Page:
Digital Enterprise

The cloud computing revolution is still in its early growth stages, with Public Cloud and software as a service (SaaS) technology likely to dominate information technology spend in the next few years.


As tech giants like Microsoft and Google increasingly permeate our lives and remote working becomes mainstream, cloud computing has emerged as the biggest theme of the digital revolution. In this paper we examine how the big four infrastructure-as-a-service players are effectively the modern day railroads with a new wave of software providers that are changing the way we live and work and the resultant investment opportunities.

Key Points

  • Cloud computing’s share of global IT spend is rapidly expanding
  • The cloud ecosystem comprises the software manufacturers and the infrastructure hosts on whom they depend
  • Infrastructure is dominated by an established big four–but the software sector represents exciting territory for finding tomorrow’s winners
  • Cloud computing expenditure is still in its infancy and has a very long growth runway ahead

Remoteness has become a familiar concept in the Covid-19 world with millions of people enduring lockdown isolation, while the corporate transformation to home working gathers pace and employees scattered across the globe are brought together in virtual teams.

The enabler of this remote revolution is ‘the cloud’, the excitingly futuristic term for what is simply the centralised offsite provision of computing resources – be it data storage, servers, apps or networking tools – via on-demand access over the internet. ‘Digital transformation’ has become a favoured mantra within companies worldwide almost to the point of cliché, while what it usually means is simply the migration of computing services to the cloud. Even to people using computers only for personal reasons, accessing remote services for data storage, apps and security is a far simpler solution than doing it all yourself on your desktop.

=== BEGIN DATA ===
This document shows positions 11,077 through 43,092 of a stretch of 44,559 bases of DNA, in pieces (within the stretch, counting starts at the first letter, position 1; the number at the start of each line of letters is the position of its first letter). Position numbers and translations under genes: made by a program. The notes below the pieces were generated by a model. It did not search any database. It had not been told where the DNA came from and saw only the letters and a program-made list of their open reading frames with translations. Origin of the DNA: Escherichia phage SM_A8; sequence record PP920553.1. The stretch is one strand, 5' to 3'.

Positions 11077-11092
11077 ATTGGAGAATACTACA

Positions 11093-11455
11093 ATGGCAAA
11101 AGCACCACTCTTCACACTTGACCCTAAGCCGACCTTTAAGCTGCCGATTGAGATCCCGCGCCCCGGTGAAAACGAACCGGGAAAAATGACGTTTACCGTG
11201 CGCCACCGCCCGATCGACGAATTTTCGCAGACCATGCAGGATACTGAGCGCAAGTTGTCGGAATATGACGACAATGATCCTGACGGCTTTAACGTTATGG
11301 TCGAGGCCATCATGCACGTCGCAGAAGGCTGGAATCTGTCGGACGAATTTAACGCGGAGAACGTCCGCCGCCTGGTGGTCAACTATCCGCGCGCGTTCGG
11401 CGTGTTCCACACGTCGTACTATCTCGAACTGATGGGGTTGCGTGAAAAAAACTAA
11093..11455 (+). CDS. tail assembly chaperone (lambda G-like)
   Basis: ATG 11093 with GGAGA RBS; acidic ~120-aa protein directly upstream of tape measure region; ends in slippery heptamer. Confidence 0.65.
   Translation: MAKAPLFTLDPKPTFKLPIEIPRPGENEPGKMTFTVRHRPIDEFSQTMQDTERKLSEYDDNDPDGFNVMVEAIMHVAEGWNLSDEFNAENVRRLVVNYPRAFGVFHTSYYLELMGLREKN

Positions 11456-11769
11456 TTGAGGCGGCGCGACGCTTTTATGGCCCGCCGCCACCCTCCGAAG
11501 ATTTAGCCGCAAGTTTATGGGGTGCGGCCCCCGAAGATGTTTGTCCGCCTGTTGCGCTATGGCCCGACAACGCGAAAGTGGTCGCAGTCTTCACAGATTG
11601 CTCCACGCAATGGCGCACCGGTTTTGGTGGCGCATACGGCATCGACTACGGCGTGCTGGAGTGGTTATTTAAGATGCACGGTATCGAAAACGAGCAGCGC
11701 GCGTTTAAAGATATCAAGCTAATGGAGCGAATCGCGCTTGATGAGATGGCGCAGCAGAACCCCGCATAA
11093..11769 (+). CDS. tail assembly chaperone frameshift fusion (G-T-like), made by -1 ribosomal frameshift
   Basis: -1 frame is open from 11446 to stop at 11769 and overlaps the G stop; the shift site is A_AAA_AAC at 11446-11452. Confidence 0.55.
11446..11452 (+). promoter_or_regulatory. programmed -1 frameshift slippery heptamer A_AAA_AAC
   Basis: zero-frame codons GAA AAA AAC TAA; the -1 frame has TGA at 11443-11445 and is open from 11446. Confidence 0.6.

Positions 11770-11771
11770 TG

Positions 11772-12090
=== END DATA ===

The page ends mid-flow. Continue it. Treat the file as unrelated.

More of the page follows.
The cloud is taking an increasingly bigger share of worldwide IT spend – and at the same time, the lines between IT subsectors such as software, devices and data are becoming blurred within the one-stop-shop cloud ecosystem. Digital Enterprise, in which cloud computing is our primary concern, has been one of Munro Partners’ Areas of Interest (AoI) since 2016. Since then, the sector has grown exponentially, as the chart below shows. Today, Digital Enterprise is one of the biggest and most exciting AoIs at Munro.

Cloud computing is growing aggressively across two sub-sectors. The well-established infrastructure and hosting providers (known as Infrastructure as a Service, or IaaS) are building data centre farms around the world to enable computer services to be hosted in the cloud.

Then the application layer of cloud computing (Software as a Service, or SaaS) is seeing a newer generation of providers building amazing pieces of software on these IaaS platforms. Many of these SaaS public cloud vendors actually outsource most of their core computing needs back to the big IaaS providers, who offer pure cloud storage and computing at highly discounted rates in what has become a scale game of cost and security. This provides huge benefits for software companies and corporates worldwide, enabling them to run any application or operating system and scale up or down depending on fluctuations in demand.


At Munro Partners, we liken today’s cloud-based virtual computing platforms to the railroads that enabled the growth of the industrial revolution in Europe and the US – although free of geographic constraints and growing much faster than any railway could ever be built.